The Lenovo screen can be made the brightest, but the Dell screen can be made the darkest and looks better in a low light environment. The Dell seems to reproduce colors better at the widest angles while the Lenovo washes out (both are still, IPS though). The Dell has warmer screen temperature, the Lenovo is a bit on the cool side (partially explains the perception of brighter but the backlight is a contributor also).
I'm still evaluating the sound, Dell has released an update for both firmware and screen.
Haven't tried the Dell active pen, no one locally has it. A Targus aluminum barreled capacitive stylus works pretty good. Both have good handwriting recognition.
The Dell has the more feature-ladden BIOS while the Lenovo's is fairly simple. The Dell also has a nice hardware diagnostic menu/program as well.
The Lenovo camera allows for panoramic shots the Dell does not (same Windows app version)
The Lenovo has GPS the Dell does not.
I had to return my first Lenovo as the SD card slot was broken and wouldn't hold the sdcard. The second Lenovo was fine.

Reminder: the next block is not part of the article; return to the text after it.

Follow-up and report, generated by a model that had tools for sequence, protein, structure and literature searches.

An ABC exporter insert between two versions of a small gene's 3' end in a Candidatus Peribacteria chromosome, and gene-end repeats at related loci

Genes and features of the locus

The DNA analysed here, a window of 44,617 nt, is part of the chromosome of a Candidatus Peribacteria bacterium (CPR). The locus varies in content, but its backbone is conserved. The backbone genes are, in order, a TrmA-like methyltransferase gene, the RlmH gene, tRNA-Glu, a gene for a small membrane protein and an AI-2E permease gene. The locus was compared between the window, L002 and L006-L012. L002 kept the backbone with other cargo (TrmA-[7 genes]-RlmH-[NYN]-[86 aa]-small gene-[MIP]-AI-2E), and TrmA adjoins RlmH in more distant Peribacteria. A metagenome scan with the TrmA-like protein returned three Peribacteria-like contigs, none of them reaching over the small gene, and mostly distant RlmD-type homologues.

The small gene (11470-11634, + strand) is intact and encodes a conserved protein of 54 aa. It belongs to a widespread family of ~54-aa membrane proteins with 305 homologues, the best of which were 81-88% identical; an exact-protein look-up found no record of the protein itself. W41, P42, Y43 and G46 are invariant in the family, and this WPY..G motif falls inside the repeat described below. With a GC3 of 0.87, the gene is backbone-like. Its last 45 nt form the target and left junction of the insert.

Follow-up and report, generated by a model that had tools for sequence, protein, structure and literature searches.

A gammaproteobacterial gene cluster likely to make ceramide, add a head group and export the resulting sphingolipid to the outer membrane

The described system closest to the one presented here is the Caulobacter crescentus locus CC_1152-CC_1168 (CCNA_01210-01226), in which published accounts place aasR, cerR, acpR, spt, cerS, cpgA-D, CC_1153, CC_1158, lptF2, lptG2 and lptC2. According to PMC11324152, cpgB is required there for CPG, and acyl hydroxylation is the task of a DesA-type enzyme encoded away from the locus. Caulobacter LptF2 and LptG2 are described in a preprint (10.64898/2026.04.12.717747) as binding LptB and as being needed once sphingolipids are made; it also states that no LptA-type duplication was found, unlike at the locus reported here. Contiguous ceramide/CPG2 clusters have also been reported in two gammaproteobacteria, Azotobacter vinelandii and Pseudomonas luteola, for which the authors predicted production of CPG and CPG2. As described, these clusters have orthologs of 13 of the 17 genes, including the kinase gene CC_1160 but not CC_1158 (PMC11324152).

The Lenovo is a fine, if not extraordinarily well-built tablet. Snappy performance.
on February 10, 2014
Ordered the Miix 2 8 after giving up on the Dell Venue 8 Pro. Both Dell models I tried suffered from touch issues causing keys to repeat when typing and gestures and taps to be misinterpreted. Just search online for "dell venue 8 pro sensitivity" and you'll find a thread on Dell's forums (but ignored by Dell) about the issue. It was even worse when trying to use any kind of screen protector.
I've only had the Miix 2 8 briefly, but so far I am impressed. Will update my review and rating accordingly.
Won't rehash what others have said better than I can, but I did want to address a few topics that haven't already been covered or with which I differ/disagree.
Wifi Speed: I've seen several people mention wifi speed as an advantage of the Venue over the Miix 2. I believe the problem is that, by default, the Miix 2 wifi isn't taking full advantage of it's hardware. If you go to the Advanced properties of the Broadcom wireless adapter, there is an option to choose "Bandwidth Capability". By default, it is set to only use both the 20Mhz and 40Mhz bands on 11a networks. This limits the maximum connection speed on 11n networks to 150Mbs. If you change the setting to "11a/b/g:20/40Mhz", this will allow it to connect at the full capability of 300Mbs. I had a Dell laptop with the same default limitation.
Speaker: For me, the speaker volume which others have discussed isn't a huge issue. The Dell was definitely louder and fuller, but the Miix 2 isn't terrible.